Geostatistical Modeling of the Spaces of Local, Spatial, and Response Uncertainty for Continuous Petrophysical Properties
P. Goovaerts, 2006. "Geostatistical Modeling of the Spaces of Local, Spatial, and Response Uncertainty for Continuous Petrophysical Properties", Stochastic Modeling and Geostatistics: Principles, Methods, and Case Studies, Volume II, T. C. Coburn, J. M. Yarus, R. L. Chambers
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In the characterization of petroleum reservoirs, three types of uncertainty typically arise: (1) the uncertainty about the value of a petrophysical attribute at an unsampled location (local uncertainty); (2) the joint uncertainty about attribute values at several locations taken together (spatial uncertainty); and (3) the uncertainty about production forecasts, such as time to recover a given proportion of the oil (response uncertainty). In each case, the probabilistic way to assess the uncertainty consists of determining the distribution or set of possible outcomes (e.g., local permeability value, permeability grid, or production parameters), which is referred to as the space of uncertainty.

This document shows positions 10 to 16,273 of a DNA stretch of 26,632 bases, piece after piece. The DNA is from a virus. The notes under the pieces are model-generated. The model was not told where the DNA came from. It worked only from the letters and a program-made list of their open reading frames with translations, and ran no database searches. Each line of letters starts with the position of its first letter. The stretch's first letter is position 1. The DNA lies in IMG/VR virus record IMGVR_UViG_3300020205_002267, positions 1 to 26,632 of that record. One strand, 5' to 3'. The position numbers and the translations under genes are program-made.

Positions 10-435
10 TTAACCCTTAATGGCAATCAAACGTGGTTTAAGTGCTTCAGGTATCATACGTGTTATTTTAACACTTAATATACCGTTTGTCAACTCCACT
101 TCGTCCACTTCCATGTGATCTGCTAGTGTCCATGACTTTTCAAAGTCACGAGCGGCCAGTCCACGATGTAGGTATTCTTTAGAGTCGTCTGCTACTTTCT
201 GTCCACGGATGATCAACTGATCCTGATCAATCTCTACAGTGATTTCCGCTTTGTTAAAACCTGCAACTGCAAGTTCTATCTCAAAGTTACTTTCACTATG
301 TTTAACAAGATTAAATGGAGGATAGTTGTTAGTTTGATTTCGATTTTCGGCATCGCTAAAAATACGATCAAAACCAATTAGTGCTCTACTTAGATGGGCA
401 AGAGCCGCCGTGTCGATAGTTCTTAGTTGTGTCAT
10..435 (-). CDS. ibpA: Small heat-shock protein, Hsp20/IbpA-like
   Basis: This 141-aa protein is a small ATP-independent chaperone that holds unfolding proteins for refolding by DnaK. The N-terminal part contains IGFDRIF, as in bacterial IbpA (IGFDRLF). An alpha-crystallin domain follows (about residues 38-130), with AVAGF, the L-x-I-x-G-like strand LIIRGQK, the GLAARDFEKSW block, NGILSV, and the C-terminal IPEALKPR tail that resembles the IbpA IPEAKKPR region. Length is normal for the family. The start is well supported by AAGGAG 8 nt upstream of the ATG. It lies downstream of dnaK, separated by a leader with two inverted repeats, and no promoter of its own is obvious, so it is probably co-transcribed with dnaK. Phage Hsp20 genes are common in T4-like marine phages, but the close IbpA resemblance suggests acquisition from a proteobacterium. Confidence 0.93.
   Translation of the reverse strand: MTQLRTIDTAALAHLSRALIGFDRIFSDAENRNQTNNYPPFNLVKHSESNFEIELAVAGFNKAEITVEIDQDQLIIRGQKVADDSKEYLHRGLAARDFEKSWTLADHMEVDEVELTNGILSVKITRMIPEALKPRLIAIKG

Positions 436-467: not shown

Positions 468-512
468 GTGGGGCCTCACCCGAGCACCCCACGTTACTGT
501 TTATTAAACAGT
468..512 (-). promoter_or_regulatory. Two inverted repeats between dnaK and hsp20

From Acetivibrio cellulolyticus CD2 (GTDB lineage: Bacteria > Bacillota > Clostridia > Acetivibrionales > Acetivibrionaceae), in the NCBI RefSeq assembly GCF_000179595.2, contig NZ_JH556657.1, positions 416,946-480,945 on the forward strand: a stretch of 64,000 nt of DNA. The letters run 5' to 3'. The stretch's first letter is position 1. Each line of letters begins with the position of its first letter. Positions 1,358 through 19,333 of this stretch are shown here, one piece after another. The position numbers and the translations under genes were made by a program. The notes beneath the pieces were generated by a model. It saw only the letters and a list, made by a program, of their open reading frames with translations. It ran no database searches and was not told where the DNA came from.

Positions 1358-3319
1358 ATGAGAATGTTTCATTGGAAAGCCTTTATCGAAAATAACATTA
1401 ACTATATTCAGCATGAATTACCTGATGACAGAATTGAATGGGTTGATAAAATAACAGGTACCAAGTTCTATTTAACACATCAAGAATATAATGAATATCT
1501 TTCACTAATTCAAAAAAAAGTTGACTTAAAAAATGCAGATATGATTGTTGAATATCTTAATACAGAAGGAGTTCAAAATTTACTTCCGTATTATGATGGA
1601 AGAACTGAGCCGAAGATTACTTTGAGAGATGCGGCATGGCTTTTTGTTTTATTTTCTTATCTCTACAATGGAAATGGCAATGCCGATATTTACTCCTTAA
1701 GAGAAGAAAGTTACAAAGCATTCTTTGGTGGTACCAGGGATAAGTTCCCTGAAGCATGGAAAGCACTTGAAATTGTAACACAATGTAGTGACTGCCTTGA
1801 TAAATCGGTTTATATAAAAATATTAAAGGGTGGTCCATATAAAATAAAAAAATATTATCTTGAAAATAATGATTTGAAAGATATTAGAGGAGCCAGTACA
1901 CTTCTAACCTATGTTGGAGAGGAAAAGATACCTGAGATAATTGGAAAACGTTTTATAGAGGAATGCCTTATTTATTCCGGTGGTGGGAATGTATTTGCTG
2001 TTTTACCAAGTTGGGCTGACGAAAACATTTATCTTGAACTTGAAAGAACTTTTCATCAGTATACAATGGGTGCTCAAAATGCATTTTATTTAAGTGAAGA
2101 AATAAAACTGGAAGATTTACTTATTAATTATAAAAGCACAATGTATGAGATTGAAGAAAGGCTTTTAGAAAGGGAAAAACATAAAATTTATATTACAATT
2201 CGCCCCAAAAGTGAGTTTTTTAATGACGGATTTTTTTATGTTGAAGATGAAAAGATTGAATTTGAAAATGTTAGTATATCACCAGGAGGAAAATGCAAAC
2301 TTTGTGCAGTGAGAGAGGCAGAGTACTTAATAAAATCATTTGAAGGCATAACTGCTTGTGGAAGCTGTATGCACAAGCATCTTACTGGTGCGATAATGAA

This chapter reviews the major geostatistical algorithms available to model both local and spatial uncertainties of continuous attributes. Goodness criteria are introduced for each type of space of uncertainty, and the impacts of the following parameters are discussed: stochastic-simulation algorithm, number of realizations, and ergodic fluctuations. Conclusions are drawn on the relations between the different spaces of uncertainty. The discussion is illustrated using an exhaustive set of 102 × 102 permeability values.
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Stochastic Modeling and Geostatistics: Principles, Methods, and Case Studies, Volume II
Since publication of the first volume of Stochastic Modeling and Geostatistics in 1994, there has been an explosion of interest and activity in geostatistical methods and spatial stochastic modeling techniques. Many of the computational algorithms and methodological approaches that were available then have greatly matured, and new, even better ones have come to the forefront. Advances in computing and increased focus on software commercialization have resulted in improved access to, and usability of, the available tools and techniques. Against this backdrop, Stochastic Modeling and Geostatistics Volume II provides a much-needed update on this important technology. As in the case of the first volume, it largely focuses on applications and case studies from the petroleum and related fields, but it also contains an appropriate mix of the theory and methods developed throughout the past decade. Geologists, petroleum engineers, and other individuals working in the earth and environmental sciences will find Stochastic Modeling and Geostatistics Volume II to be an important addition to their technical information resources.